5 steps to building a first-party data strategy

The New York Times recently announced that they’re phasing out third-party advertising data and going all-in on first-party data. To that end, they’ve already created a proprietary first-party data platform and built unique audience segments for brand partners.

This is great news for the Times, which will be well-prepared to navigate the death of the third-party cookie and reduce reliance on tracking pixels from other platforms like Facebook.

The problem is, of course, not every publisher has the data, resources, and budget of a legacy publication. So we asked Jay Glogovsky, senior director of revenue analytics and operations at The New York Times, for his basic building blocks for any publisher trying to create a first-party data strategy.

Here’s what Glogovsky had to say in our recent Real Time Banter webinar.

1. Recognize the need for first-party data

As the third-party cookie crumbles, publications need to cultivate their own first-party data and audiences to survive. Recognizing that need is the first step to building a workable strategy.

You don’t have to take our word for it, either – just ask your audience. As Glogovsky said, “We didn’t make this decision internally. We allowed our readers to make the decision for us.”

The Times surveyed its readers and asked if they’d be willing to share information about themselves to help create a better ad experience.

“The results were very positive and opened up a really awesome opportunity,” Glogovsky said. “We expect that as our subscribers and engaged readers grow daily, they’ll continue to provide more information about themselves and help us create better products and capabilities for our advertisers.”

2. Take inventory of the data you have

Before you start creating strategies to gather new streams of first-party data, audit the data sets you’ve already collected.

“Take inventory of what you have and ensure that it’s quality, accurate, and productizable,” Glogovsky said. “And be realistic about what kind of work it’s going to require and how many resources you’re going to need [to activate that data].”

3. Build planning and targeting tools

Make it easier for your publication and buyers to harness the power of first-party data by building tools for ad planning and targeting.

The Times, for instance, built a motivation-targeting product to reach people based on what they want to do while reading or after reading a piece of content. They also launched a perspective-targeting product to help advertisers reach people based on the emotions they’re going to feel when they’re reading content.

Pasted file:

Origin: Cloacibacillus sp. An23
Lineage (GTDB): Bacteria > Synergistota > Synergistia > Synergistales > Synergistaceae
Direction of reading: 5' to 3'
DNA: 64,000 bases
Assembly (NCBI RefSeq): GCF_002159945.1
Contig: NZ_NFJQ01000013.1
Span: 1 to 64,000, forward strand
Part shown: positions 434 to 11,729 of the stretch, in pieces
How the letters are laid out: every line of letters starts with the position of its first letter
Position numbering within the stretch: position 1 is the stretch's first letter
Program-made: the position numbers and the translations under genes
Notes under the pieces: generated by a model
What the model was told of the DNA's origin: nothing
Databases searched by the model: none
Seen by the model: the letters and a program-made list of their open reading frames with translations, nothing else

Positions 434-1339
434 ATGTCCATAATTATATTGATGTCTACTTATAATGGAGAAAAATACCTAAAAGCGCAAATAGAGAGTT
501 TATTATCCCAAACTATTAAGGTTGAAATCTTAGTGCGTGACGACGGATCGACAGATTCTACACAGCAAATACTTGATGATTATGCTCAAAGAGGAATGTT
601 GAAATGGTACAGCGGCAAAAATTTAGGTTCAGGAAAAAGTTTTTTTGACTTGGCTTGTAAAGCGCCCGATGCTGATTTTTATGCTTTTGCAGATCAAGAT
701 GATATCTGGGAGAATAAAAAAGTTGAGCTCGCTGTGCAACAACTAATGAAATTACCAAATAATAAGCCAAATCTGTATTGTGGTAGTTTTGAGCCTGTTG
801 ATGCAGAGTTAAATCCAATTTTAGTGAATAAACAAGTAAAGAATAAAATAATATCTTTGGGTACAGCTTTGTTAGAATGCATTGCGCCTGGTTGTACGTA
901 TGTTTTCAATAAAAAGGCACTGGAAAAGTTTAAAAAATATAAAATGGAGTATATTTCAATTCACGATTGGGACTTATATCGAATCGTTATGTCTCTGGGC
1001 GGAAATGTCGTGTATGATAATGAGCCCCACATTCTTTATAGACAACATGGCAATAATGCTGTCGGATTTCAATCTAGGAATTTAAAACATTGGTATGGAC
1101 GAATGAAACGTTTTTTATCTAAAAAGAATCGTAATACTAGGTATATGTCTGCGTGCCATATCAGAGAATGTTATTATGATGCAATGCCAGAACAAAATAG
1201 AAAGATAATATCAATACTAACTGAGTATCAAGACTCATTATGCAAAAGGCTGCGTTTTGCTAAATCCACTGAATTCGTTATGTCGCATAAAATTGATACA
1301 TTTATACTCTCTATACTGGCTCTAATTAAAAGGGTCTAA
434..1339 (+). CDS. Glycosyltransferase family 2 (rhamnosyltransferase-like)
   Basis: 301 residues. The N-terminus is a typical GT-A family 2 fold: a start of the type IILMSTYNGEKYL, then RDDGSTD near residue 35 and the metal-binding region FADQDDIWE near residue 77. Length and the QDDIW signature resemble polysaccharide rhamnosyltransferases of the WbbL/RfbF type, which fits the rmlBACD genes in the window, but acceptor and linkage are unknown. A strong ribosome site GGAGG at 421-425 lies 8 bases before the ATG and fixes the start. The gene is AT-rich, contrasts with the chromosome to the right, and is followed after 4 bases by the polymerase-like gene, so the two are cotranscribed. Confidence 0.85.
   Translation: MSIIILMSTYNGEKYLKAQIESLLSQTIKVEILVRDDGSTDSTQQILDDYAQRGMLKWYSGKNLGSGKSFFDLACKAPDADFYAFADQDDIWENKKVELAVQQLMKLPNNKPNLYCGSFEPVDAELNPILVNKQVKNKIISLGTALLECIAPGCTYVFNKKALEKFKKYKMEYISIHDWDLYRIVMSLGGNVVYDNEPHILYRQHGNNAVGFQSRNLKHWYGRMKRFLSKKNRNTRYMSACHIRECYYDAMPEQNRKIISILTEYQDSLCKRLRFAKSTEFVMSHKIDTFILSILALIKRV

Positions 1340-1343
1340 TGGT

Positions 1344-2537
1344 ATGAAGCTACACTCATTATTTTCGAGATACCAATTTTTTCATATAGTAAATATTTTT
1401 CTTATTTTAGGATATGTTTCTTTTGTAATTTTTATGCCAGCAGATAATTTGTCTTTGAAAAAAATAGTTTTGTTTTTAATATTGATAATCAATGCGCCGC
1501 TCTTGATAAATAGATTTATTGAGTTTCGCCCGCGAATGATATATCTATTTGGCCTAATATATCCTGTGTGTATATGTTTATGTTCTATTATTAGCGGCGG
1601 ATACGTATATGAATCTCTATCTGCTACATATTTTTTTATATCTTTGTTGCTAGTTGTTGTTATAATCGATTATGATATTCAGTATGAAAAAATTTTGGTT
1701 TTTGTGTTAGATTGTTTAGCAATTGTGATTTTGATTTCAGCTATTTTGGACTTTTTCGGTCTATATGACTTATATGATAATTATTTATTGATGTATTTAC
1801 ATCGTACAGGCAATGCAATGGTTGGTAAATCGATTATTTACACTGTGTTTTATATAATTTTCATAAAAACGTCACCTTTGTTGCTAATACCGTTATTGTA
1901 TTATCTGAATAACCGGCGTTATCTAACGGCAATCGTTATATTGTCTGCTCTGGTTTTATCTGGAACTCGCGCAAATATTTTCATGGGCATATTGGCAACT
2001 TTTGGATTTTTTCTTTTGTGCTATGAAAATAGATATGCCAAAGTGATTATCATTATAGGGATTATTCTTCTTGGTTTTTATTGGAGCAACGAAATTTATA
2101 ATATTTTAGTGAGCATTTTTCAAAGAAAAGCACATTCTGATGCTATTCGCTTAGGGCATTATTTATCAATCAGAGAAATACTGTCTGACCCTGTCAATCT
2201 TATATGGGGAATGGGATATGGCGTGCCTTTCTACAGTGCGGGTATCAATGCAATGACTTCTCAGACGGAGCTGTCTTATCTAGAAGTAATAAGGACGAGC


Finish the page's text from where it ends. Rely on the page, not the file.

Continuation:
“We actually asked readers to tell us how they felt as they read a handful of articles,” Glogovsky said. “In the initial product launch, we had 150,000 unique inputs, which we used to build a model so we can now target similar content and have a really good understanding of how people are going to react to it.”

4. Train sales teams

The switch to prioritizing first-party data doesn’t just affect marketing and advertising teams. It requires a change in approach across the organization. Sales teams in particular will need to adjust the way they interact with direct buyers and sell ad-targeting capabilities.

“There’s a lot of training that needs to happen on your direct sales side,” Glogovsky said. “You’re going to have to unlearn things and relearn things and learn new things. That’s hard for any sales organization, especially with everything that’s changing every single day.”

5. Commit to this new venture

Changing your approach to consumer data and advertising can be scary, especially in today’s ever-changing market. But in order to succeed, you have to fully commit to a first-party data strategy.

“After you see that you have data that’s going to be useful in either a product or a capability, you have to commit to it – you can’t take a one-foot-in-one-foot-out approach,” Glogovsky said. “And it’s going to be hard. It’s going to be really difficult to get traction on it.”

When the Times launched its perspective targeting capability, for example, “there wasn’t a line out the door asking for it.” Instead, sales teams had to take a proactive approach and sell it through to advertisers.

Still, Glogovsky remains assured that the Times and early adopters won’t always be alone in their comprehensive commitment to first-party data – and together, they’ll experience some bumps along the way.

“I do fear that there could be some initial failures, and, for the betterment of the industry, I think we need to continue progressing despite them,” he said. “But I do think that this will be adopted and commercialized by more publishers, and I encourage it.”